Candide by Voltaire
A flamboyant and controversial personality of enormous wit and intelligence, Voltaire is one of the most intriguing figures of the eighteenth century Enlightenment. His masterpiece is Candide, a brilliant satire on the theory that ‘the world is the best of all possible worlds.’ The book traces the picaresque adventures of the guileless Candide, who is forced into the army, flogged, shipwrecked, betrayed, robbed, separated from his beloved Cunegonde, tortured by the Inquisition, etc., all without losing his resilience and will to live.
I don’t know what to say about this novel, except that is was very strange! The story follows Candide on his journey through life to find love and such life. However, he often finds himself in mischief or witness to some extraordinary stories. None of this puts him off his mission though.
This is truly bizarre. I read it as it is on The Rory Gilmore list, and as I sit and reflect on the novel I just don’t know what to say. There are elements of this story that will stay with me for a long time – such as the woman with one buttock or the ladies who entertained themselves with monkeys. These things are just odd. I’ve read other reviews of this book and found that people laughed all the through – I didn’t, I was more bemused than anything. I didn’t know what to think.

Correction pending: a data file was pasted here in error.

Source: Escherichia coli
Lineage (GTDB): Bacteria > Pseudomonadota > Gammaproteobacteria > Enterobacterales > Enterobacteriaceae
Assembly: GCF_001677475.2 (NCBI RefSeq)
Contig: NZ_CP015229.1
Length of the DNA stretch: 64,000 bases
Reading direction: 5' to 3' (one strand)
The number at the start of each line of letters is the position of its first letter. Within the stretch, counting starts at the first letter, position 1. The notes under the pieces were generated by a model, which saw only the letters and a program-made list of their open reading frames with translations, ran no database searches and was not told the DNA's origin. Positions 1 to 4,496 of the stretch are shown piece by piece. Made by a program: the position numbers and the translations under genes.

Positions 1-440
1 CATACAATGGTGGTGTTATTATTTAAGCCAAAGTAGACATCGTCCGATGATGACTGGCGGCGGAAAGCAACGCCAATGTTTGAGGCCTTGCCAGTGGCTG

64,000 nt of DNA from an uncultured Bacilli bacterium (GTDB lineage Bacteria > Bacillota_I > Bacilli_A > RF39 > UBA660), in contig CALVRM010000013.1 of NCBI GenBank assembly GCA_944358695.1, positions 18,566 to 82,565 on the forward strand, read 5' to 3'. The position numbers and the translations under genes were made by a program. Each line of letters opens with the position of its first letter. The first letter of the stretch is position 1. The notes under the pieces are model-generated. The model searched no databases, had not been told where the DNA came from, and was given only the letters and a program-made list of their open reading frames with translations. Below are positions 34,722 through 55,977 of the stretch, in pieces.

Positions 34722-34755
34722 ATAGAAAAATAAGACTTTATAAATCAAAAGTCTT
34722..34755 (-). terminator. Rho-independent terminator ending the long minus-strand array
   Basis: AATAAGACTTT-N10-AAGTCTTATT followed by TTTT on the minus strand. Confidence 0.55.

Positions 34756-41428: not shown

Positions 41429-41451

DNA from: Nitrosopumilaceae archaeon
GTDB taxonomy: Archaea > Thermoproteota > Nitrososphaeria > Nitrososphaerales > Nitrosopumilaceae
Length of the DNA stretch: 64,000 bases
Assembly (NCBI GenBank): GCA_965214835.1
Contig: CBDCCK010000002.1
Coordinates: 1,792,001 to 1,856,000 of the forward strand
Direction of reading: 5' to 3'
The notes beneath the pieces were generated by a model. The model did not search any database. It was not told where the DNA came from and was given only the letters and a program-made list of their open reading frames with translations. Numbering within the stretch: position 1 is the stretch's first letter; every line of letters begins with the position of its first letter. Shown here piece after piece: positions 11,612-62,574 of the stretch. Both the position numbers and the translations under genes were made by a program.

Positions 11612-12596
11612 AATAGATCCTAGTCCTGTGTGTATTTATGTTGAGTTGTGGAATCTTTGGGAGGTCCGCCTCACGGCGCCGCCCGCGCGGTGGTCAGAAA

For me, this wasn’t a book that was about liking the characters. I think I only finished it because I wanted to know what other crazy scenarios Voltaire could think up. This book contains rape, murder, theft, slavery and a whole host of other things. This is not my usual read and thankfully it isn’t very long – less than 200 pages. I don’t think I enjoyed this book, I finished it just to see what else would come out the woodwork. Only 3/5 for me.